19th June

An early morning Golden Oriole in song at Southwell was a nice start to the day but it was downhill all the way after that, with 3 Chiffchaffs, a Wheatear and a Blackcap at the Bill the only other worthwhile reports.

The island's second record of Poplar Kitten at the Obs was the pick of the overnight moth catch.

Also interesting news received this week from Professor Martin Collinson at the University of Aberdeen of a result from his genetic analysis of feathers from our female Subalpine Warbler of 23rd May. In the hand and on call all the indications were that it was a Western Subalpine Warbler but we were concerned that Moltoni's Warbler might still not be fully eliminated from the equation. Martin's analysis put that concern to bed since it found that: "its DNA sequence was identical to previously published Western haplotype H26 (sampled in France) and very different from any other subalp taxon". Many thanks to Martin for undertaking this analysis for us.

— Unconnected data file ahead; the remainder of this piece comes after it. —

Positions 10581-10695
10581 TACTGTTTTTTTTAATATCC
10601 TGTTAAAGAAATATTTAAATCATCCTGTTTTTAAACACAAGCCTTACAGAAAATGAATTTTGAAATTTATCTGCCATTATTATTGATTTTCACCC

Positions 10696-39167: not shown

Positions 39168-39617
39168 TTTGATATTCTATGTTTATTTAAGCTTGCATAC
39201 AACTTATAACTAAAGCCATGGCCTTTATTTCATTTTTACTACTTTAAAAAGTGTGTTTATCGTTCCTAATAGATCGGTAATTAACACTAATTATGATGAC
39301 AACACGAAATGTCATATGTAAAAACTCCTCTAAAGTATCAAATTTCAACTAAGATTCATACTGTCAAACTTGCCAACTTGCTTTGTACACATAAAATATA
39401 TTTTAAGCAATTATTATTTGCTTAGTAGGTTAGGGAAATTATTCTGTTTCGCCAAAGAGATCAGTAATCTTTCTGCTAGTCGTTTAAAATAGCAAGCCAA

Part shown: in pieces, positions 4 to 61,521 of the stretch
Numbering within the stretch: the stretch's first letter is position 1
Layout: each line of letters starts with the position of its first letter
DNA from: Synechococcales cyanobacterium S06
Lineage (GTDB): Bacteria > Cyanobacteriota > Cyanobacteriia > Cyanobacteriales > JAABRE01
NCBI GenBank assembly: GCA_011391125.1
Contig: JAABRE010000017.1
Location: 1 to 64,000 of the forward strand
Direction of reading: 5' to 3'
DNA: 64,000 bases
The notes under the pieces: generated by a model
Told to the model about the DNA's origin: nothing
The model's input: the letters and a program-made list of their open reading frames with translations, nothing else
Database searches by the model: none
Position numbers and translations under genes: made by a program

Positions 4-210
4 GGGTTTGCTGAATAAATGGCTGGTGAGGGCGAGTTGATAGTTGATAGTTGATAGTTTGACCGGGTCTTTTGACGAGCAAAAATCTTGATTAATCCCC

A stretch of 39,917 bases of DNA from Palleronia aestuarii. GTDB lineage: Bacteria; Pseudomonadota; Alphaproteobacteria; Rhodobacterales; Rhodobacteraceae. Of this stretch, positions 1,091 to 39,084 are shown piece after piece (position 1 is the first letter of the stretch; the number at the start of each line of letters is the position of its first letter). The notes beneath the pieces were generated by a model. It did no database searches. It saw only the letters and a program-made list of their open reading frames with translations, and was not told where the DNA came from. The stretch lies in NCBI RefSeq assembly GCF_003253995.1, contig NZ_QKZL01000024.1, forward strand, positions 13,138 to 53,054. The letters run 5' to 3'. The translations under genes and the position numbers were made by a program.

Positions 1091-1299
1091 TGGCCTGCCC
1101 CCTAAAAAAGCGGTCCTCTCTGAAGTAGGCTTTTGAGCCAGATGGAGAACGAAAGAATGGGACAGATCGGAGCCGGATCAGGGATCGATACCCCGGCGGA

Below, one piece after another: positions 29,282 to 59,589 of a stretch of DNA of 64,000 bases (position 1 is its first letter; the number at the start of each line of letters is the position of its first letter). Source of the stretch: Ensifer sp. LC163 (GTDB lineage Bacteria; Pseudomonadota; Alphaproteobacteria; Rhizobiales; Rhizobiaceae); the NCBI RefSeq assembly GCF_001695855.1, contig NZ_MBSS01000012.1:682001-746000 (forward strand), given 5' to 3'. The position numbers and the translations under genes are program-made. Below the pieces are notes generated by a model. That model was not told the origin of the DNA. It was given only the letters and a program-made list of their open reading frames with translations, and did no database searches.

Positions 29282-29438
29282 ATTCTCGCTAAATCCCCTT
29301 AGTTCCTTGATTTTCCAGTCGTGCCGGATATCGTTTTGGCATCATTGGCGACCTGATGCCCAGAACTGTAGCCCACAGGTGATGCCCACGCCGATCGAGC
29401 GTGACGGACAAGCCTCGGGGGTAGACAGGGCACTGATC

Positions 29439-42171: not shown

Finally, news of one of the odder ringing recoveries we've received in recent memory. At long last details have just come through on a Chiffchaff wearing a Helgoland ring that we 'controlled' in May 2014 (...just don't ask why this sort of news takes so long to filter through - the glacial pace of the notification process really isn't one of those wonders of the modern information technology age). Anyway, this was the bird and ring at our end on 5th May 2014:

...and it turns out that it was first ringed on Helgoland just over a fortnight beforehand on 19th April 2014. Quite why a Chiffchaff should have been off the coast of Germany in mid-April and then headed south-west for 800km to turn up at Portland in early May is rather beyond us and probably best not dwelt on.